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Religious intolerance in Israel

Part 1: Overview.
Religion/state separation.

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Overview:

This is an enormously complex issue, which we have not fully researched at this time. However, there appears to be several areas of religious friction and intolerance in the country, including the following:

bulletAlthough most Jews are secular, Orthodox Judaism has considerable authority to regulate life in Israel through their control over marriages, burials, recognition of whether an individual is Jewish, issuance of Kosher certificates to restaurants, and other items. This generates friction among Orthodox, Conservative and Reform Jews, as well as secularists.
 
bulletThe state of Israel is in a continuous state of war with some of its predominately Muslim neighbors. This escalates Jewish - Muslim friction enormously.
 
bulletIsrael is essentially in a state of war with the Muslim population of lands that it captured in previous wars.
 
bulletFriction exists over the activity of some Christian groups to convert Jews and Muslims to conservative Christianity.

The lack of separation between religion and state in Israel:

Their Declaration of Independence guarantees religious freedom:

"The State of Israel will be based on the precepts of liberty, justice and peace as envisaged by the prophets of Israel; it will ensure complete equality of social and political rights to all its inhabitants regardless of religion, race or gender; it will guarantee freedom of religion, conscience, language, education and culture."

Guarantees of equality and freedom for persons of all sexual orientations and sexual identities are not included in the Declaration.

Israel is a signatory to the United Nations International Covenant on Civil and Political Rights, and the UN Universal Declaration of Human Rights which guarantee freedom of religious belief, a person's right to adopt and change their religion without coercion or discrimination, and to manifest their religion or belief in teaching, practice, worship, and observance.

However, these principles have not been fully implemented, at least to the satisfaction of many non-Orthodox Jews and secularists. There is no wall of separation between religion and state in Israel as there is in the U.S., and to a limited degree in Canada. The Orthodox branch of Judaism is the only recognized form of Judaism in the country. They hold considerable power, while more liberal Jewish traditions (Reform and Conservative) are relatively powerless.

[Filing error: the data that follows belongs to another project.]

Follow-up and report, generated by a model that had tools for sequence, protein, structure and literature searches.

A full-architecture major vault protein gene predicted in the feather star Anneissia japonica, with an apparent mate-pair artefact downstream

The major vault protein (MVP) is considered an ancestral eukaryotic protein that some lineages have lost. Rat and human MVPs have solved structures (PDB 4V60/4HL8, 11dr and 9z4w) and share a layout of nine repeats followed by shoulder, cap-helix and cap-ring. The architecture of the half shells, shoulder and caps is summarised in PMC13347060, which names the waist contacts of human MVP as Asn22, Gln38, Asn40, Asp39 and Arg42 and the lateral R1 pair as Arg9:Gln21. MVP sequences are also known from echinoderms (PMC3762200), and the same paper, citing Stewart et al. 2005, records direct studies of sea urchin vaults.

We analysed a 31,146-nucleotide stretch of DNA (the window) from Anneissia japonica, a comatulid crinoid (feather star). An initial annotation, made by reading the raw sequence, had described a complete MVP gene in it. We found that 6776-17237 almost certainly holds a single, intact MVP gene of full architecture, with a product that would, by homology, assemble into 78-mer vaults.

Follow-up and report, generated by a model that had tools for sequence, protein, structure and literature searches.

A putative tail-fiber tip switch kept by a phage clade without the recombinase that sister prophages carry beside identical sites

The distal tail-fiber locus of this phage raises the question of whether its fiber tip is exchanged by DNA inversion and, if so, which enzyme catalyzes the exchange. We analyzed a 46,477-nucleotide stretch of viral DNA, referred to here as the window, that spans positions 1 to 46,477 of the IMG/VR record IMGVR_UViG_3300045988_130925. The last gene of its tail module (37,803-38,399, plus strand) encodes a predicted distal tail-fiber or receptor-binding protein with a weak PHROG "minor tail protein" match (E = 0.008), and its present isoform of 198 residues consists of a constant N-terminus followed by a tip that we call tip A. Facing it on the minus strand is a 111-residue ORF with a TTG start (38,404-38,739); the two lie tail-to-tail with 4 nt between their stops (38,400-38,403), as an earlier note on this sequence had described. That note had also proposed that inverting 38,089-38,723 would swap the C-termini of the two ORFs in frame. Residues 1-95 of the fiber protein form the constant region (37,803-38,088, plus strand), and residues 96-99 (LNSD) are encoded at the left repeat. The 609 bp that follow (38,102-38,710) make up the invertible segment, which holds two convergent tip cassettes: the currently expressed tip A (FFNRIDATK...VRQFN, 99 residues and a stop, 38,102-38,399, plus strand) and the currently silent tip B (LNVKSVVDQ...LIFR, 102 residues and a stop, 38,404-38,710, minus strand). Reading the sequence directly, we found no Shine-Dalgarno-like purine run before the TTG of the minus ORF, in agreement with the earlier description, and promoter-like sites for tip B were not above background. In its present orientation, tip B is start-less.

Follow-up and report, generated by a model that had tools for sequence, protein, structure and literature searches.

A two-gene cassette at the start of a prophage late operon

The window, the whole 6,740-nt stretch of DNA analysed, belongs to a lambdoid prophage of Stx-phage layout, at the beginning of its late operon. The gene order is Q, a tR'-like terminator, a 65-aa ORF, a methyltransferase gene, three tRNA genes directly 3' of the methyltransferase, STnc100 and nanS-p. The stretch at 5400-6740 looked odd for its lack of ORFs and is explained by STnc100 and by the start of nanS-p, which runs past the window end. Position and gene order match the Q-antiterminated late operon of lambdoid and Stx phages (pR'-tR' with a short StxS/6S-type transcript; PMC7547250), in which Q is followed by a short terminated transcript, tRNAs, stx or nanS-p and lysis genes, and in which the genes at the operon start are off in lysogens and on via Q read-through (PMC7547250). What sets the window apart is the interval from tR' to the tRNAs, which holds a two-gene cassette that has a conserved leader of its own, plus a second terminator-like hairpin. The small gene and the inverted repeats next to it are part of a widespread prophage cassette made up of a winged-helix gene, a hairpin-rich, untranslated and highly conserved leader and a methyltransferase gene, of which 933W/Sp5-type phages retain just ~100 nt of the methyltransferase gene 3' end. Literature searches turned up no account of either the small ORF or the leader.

Points of conflicts extend to many areas of life, "including:

bulletmarriage,
bulletdrafting yeshiva students,
bulletburial,
bulletequal funding for secular schools and programs,
bulletallowing public transportation...
bulletopening food and entertainment establishments on Shabbat....
bulletseating of Reform and Conservative Movement representatives on religious councils,
bulletproviding the opportunity for egalitarian prayer at the Kotel (Western Wall),
bulletrecognizing conversions performed by the non-Orthodox streams of Judaism." 1
bulletstate funding for non-Orthodox synagogues.

Various recent polls have indicated that:

bullet67.9% of Israeli adults feel that the religious political parties have too much power.
bullet63% favor giving Reform and Conservative Judaism equal legal status to that possessed by the Orthodox tradition.
bullet63% favored allowing couples to choose Reform and Conservative Jewish marriage ceremonies; only Orthodox services are currently recognized.
bullet64% supported operating public transportation on the weekly Sabbath, which runs from Friday sunset to Saturday sunset.
bullet78% favor opening shopping malls outside city centers on the Sabbath.
bullet45% "either prefer or is open to receiving religious life-cycle services from Reform" or Conservative authorities. 1

The lack of religious equality for Conservative and Reform Jews in Israel should be considered in context. Many surrounding Arab nations have infinitely more repressive laws concerning religious conversion:

bulletCitizens of Iran have been sentenced to death because they voluntarily decided to convert from Islam to the Baha'i Faith.
bulletAn Egyptian court ordered a couple to divorce because one spouse wrote a book calling for reform within Islam and was thus deemed by the authorities to have become a non-Muslim. In many predominately Muslim countries, do not allow a Muslim woman to be married to a non-Muslim man.
bulletA man in Pakistan has been sentenced to death for recommending that a neighbor read a book by Salman Rushdie called "The Satanic Verses" (1988).

Reference used:

The following information source was used to prepare and update the above essay. The hyperlink is not necessarily still active today.

  1. "Religion and State in Israel: Background article," Israel Religious Action Center, at: http://www.irac.org/article_e.asp?artid=14

Copyright © 2000 to 2009 by Ontario Consultants on Religious Tolerance
Originally written: 2000-OCT-12
Latest update: 2009-SEP-07
Author: B.A. Robinson

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